Now, let's look at what you do with it once you have your Google Search Console account ready to go!
A sitemap is exactly what it sounds like: a map of your site structure, or the hierarchy of pages contained within your website. It is best practise to submit your sitemap to Google so that Google has a better understanding of how your site is set up (and therefore, how your content is organised and even what keywords you might be worthy of ranking for).
The easiest thing to do is install and activate the Yoast SEO plugin, which will automatically submit your sitemap to Google. Within the XML Sitemaps section of Yoast, you can adjust which post and page types are included in the sitemap, or alternatively disable the sitemap function entirely if you'd prefer to create and submit the sitemap to Google manually.
In Google Search Console, it's a good idea to periodically check to ensure there aren't any sitemap errors registering there.
In general, warnings don't require immediate action; however, if there is anything listed under Errors here, you'll want to look into it and make changes to your website as necessary. The biggest issue you might run into is having broken links contained in your sitemap - i.e. references to pages that don't actually exist within your website. This can be confusing to Google and consequently may negatively impact your keyword visibility in the search rankings.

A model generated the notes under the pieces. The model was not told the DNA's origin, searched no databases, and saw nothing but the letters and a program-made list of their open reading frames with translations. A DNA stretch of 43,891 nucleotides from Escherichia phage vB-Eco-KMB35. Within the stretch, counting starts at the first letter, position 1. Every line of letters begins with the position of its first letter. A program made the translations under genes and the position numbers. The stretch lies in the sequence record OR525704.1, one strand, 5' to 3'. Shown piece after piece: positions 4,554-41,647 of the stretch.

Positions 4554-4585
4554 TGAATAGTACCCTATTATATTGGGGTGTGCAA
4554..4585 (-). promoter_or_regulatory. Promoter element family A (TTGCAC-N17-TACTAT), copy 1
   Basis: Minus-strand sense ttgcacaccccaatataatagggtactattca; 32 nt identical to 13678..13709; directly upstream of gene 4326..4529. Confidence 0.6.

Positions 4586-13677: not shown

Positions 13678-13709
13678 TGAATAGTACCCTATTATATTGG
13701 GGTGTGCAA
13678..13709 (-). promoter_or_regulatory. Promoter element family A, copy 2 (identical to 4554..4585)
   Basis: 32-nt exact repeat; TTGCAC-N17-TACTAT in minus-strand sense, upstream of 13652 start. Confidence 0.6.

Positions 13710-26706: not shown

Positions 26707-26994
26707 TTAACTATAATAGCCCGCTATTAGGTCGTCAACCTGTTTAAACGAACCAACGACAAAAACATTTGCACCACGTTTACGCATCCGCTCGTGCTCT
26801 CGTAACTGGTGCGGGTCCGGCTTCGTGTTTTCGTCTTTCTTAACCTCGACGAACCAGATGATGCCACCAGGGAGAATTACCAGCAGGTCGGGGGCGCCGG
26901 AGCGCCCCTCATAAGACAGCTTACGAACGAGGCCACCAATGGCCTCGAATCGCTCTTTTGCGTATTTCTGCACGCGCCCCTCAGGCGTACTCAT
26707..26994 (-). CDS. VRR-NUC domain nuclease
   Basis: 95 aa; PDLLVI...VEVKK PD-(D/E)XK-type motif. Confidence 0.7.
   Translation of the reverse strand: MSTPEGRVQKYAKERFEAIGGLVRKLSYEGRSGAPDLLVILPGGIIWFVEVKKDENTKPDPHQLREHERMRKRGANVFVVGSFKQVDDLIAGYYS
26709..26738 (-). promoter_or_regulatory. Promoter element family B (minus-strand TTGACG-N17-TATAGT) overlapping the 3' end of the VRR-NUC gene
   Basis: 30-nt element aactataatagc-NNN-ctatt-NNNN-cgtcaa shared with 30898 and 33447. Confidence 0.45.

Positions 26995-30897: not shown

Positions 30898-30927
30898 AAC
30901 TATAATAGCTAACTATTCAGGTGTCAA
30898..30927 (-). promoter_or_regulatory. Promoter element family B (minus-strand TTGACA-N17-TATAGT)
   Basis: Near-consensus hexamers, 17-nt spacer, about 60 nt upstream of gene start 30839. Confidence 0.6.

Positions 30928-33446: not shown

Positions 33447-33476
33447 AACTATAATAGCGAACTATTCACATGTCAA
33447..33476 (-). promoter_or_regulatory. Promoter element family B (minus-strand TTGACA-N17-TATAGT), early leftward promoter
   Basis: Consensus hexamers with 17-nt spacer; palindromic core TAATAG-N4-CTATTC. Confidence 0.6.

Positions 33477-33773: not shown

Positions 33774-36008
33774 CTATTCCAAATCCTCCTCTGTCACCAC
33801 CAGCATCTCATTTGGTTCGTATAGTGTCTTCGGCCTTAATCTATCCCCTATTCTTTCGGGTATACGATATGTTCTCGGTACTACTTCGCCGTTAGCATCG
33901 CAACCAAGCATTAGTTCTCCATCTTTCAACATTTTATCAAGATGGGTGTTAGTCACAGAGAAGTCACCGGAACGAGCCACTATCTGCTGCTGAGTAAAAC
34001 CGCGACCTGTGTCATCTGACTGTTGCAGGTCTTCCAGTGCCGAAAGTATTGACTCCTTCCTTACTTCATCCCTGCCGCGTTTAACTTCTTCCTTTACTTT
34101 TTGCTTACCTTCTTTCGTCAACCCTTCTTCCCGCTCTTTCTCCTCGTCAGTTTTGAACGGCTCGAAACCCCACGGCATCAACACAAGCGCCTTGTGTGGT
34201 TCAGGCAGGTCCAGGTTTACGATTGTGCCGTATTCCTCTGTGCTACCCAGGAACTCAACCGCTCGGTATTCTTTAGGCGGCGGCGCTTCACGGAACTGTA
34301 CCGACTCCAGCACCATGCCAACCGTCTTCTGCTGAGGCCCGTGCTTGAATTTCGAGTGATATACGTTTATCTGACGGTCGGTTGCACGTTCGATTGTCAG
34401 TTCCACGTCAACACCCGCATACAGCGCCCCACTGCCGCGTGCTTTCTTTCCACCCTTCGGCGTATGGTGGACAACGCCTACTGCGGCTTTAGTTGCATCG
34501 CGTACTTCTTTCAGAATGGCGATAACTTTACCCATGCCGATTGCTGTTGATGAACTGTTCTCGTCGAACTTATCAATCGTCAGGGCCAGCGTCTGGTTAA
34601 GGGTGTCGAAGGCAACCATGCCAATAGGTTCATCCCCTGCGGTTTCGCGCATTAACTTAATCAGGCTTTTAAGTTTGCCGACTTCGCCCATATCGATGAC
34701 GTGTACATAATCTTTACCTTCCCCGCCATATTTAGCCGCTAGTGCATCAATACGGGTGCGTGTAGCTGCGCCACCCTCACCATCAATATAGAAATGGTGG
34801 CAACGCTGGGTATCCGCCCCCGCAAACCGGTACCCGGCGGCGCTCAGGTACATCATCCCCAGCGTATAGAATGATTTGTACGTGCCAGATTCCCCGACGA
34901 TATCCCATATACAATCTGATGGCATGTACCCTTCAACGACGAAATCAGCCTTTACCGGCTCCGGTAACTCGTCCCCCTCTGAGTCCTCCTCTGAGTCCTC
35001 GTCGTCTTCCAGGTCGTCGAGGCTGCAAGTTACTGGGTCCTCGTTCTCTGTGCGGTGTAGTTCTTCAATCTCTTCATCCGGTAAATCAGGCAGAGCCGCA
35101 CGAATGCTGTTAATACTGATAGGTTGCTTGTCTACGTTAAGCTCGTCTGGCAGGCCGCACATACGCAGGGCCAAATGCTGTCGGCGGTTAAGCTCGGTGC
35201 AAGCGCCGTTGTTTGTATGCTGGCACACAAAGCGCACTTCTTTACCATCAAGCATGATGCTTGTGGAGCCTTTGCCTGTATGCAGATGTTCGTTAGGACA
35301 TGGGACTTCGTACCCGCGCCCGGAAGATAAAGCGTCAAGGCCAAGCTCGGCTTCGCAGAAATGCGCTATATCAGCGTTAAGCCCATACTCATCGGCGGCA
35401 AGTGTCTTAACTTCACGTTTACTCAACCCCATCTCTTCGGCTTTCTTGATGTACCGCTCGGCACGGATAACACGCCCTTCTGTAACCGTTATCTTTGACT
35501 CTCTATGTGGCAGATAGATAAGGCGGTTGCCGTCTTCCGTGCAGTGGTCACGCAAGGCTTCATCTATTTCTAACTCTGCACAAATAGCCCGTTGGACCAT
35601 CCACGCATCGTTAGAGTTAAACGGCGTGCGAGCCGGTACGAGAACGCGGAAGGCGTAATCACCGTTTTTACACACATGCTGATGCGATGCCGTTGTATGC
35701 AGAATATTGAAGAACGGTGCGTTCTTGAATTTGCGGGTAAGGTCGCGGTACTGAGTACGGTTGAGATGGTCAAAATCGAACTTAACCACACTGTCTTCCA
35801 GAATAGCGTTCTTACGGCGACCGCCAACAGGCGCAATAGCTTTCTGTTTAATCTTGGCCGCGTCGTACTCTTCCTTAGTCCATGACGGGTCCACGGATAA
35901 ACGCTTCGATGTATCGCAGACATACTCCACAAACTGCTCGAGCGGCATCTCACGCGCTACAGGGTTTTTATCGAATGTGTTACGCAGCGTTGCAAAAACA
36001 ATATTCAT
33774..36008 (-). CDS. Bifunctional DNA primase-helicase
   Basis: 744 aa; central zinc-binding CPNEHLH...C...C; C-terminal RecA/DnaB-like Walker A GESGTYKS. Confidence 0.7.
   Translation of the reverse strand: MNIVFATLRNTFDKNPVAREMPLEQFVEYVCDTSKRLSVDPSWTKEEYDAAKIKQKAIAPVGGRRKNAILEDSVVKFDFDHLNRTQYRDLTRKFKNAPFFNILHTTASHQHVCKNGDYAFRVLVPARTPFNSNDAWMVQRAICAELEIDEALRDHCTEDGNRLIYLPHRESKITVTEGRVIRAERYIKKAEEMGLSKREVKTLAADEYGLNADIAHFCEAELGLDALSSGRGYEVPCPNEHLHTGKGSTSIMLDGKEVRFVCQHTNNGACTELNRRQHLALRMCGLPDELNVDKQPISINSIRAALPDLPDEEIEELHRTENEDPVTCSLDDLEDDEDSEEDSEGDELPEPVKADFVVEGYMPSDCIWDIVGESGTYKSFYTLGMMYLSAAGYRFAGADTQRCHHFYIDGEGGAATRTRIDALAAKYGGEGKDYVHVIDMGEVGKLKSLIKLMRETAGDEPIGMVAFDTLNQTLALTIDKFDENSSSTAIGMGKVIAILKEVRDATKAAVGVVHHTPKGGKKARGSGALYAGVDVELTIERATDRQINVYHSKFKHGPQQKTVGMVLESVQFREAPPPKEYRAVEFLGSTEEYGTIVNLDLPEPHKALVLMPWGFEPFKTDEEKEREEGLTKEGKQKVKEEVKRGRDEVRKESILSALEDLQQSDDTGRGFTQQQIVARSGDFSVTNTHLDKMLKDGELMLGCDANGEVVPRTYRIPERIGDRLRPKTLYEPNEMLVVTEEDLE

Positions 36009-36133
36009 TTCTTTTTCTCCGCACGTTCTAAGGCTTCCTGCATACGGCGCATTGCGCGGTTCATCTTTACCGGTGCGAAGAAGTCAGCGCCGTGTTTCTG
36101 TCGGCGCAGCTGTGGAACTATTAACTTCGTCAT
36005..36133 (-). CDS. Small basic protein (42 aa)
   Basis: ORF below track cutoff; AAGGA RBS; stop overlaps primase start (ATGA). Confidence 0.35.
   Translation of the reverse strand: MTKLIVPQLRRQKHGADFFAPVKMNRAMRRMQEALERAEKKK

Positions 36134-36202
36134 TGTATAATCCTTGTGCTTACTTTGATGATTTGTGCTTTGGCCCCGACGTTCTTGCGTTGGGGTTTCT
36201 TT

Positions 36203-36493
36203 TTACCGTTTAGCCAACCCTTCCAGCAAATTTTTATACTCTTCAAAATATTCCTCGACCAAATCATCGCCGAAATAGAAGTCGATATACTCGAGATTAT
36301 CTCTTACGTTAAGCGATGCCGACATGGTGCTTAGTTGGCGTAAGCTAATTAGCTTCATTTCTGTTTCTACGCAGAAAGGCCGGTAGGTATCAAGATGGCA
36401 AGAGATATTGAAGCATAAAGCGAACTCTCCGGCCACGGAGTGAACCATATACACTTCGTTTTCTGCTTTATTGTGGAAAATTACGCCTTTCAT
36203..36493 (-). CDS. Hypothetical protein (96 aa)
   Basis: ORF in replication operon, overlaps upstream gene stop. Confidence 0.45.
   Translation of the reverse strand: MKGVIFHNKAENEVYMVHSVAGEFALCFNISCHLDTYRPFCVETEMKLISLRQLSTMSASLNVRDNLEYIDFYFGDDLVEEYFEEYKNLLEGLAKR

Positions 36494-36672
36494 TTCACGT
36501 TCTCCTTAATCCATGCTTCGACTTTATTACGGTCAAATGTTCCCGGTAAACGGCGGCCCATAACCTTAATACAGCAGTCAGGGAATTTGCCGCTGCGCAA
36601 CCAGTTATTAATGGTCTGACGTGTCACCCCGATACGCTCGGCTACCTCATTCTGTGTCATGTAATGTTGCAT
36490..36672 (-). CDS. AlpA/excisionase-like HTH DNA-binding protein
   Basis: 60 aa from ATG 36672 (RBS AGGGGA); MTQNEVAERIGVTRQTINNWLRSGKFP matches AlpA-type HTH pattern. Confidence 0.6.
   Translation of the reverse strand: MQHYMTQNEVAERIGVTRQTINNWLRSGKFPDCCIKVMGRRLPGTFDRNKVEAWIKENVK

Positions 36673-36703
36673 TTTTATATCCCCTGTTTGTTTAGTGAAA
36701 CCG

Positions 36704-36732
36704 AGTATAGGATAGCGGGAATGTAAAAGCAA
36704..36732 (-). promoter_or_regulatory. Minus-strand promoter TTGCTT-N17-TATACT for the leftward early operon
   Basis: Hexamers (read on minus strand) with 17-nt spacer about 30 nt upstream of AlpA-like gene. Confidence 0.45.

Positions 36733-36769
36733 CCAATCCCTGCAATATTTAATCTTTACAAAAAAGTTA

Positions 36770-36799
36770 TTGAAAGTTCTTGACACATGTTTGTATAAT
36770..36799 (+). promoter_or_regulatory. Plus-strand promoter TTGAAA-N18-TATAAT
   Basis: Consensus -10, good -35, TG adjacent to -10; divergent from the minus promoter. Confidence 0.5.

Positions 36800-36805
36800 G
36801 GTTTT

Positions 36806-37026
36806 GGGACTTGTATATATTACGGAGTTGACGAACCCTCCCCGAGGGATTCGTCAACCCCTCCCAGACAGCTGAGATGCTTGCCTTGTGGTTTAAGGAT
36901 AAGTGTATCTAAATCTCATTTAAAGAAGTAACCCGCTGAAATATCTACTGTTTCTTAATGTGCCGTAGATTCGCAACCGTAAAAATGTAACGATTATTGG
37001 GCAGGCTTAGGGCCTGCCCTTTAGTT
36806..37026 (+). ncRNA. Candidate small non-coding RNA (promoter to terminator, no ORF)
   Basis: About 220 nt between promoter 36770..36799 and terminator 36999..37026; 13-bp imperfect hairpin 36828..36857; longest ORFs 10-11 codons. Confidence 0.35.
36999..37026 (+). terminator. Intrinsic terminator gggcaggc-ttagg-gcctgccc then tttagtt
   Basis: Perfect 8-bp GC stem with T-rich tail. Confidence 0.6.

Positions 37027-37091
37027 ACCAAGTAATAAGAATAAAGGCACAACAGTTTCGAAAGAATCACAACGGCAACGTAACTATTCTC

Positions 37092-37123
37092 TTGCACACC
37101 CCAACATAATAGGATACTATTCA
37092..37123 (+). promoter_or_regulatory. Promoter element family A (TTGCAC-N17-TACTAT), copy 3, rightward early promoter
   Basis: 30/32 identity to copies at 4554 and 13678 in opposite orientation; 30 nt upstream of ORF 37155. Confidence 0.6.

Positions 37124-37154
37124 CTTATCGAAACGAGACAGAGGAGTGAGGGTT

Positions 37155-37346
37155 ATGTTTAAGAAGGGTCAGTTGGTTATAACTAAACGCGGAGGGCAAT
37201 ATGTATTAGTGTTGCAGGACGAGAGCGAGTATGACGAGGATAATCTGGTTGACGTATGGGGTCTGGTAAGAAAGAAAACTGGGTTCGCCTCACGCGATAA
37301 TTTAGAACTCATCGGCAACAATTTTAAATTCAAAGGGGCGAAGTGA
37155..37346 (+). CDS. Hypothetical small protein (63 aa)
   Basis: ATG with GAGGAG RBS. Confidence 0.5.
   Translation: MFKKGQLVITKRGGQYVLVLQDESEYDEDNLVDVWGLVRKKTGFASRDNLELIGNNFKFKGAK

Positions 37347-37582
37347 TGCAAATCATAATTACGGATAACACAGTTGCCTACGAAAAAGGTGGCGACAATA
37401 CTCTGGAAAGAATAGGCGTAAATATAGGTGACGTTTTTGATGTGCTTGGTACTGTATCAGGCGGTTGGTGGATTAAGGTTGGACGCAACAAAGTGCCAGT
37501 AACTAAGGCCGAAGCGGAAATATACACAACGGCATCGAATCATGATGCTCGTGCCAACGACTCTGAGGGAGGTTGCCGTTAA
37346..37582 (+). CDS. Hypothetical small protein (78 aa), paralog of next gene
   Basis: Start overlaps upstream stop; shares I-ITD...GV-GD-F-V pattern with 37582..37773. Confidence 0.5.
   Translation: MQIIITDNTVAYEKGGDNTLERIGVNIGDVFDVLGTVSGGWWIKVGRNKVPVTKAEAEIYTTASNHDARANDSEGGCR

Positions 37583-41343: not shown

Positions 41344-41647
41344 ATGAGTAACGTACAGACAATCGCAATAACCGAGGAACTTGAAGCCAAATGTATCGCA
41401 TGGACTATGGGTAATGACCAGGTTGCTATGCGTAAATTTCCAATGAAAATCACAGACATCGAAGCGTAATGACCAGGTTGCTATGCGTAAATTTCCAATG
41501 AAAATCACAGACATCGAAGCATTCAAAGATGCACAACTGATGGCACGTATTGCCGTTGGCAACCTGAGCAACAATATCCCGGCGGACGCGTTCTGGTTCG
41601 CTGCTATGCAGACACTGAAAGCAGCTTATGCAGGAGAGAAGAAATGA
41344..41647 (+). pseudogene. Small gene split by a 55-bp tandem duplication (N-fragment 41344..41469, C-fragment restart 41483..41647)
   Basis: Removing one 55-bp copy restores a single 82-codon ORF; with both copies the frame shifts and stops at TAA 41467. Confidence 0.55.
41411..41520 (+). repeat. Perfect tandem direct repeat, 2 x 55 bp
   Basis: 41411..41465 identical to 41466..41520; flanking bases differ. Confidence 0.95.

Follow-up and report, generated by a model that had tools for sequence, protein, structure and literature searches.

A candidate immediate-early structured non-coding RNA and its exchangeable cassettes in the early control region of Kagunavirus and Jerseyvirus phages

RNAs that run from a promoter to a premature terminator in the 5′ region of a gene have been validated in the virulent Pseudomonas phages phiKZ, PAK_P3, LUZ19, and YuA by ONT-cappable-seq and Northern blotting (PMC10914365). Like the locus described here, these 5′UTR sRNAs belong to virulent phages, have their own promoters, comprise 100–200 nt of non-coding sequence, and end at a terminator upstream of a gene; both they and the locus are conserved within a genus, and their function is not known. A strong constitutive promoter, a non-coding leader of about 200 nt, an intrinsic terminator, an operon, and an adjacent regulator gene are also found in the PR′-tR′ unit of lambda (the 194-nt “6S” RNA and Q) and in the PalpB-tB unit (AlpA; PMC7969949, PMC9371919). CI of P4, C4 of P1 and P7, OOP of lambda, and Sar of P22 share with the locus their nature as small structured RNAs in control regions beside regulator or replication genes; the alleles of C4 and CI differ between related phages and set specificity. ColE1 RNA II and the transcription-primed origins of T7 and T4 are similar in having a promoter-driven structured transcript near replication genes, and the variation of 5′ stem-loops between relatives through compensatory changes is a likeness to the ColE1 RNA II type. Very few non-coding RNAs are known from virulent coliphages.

Once you correct the errors, you should resubmit your sitemap through Google Search Console.
Another section of the Search Console you should monitor is Crawl Errors. The bulk of these tend to be 404 errors, or Page Not Found errors, which occur when you alter your page slugs or URL structure and forget to change any link references to it that exist on other pages of your website. Google can't crawl any pages that aren't found, so it's very important that you fix these links so that they point to pages that do exist.
Thankfully, Google Search Console will point out where the broken link can be found so that you can easily change it. Alternatively, you can choose to remove the page with the broken link from your sitemap if you don't want it indexed at all.
Lastly, there are several useful search metrics provided by Google Search Console that can provide insight into the traffic your site is getting.
- Search Analytics will tell you exactly which keywords people are searching for to reach your website, how often they are clicking through, and what position your site holds in the search rankings for each keyword.
- Links To Your Site lists out all the websites that contain a link to yours.
- Internal Links lists out all of the pages within your site, in order of how many times they've been linked to within your site. (Read this post to learn why internal linking is so important)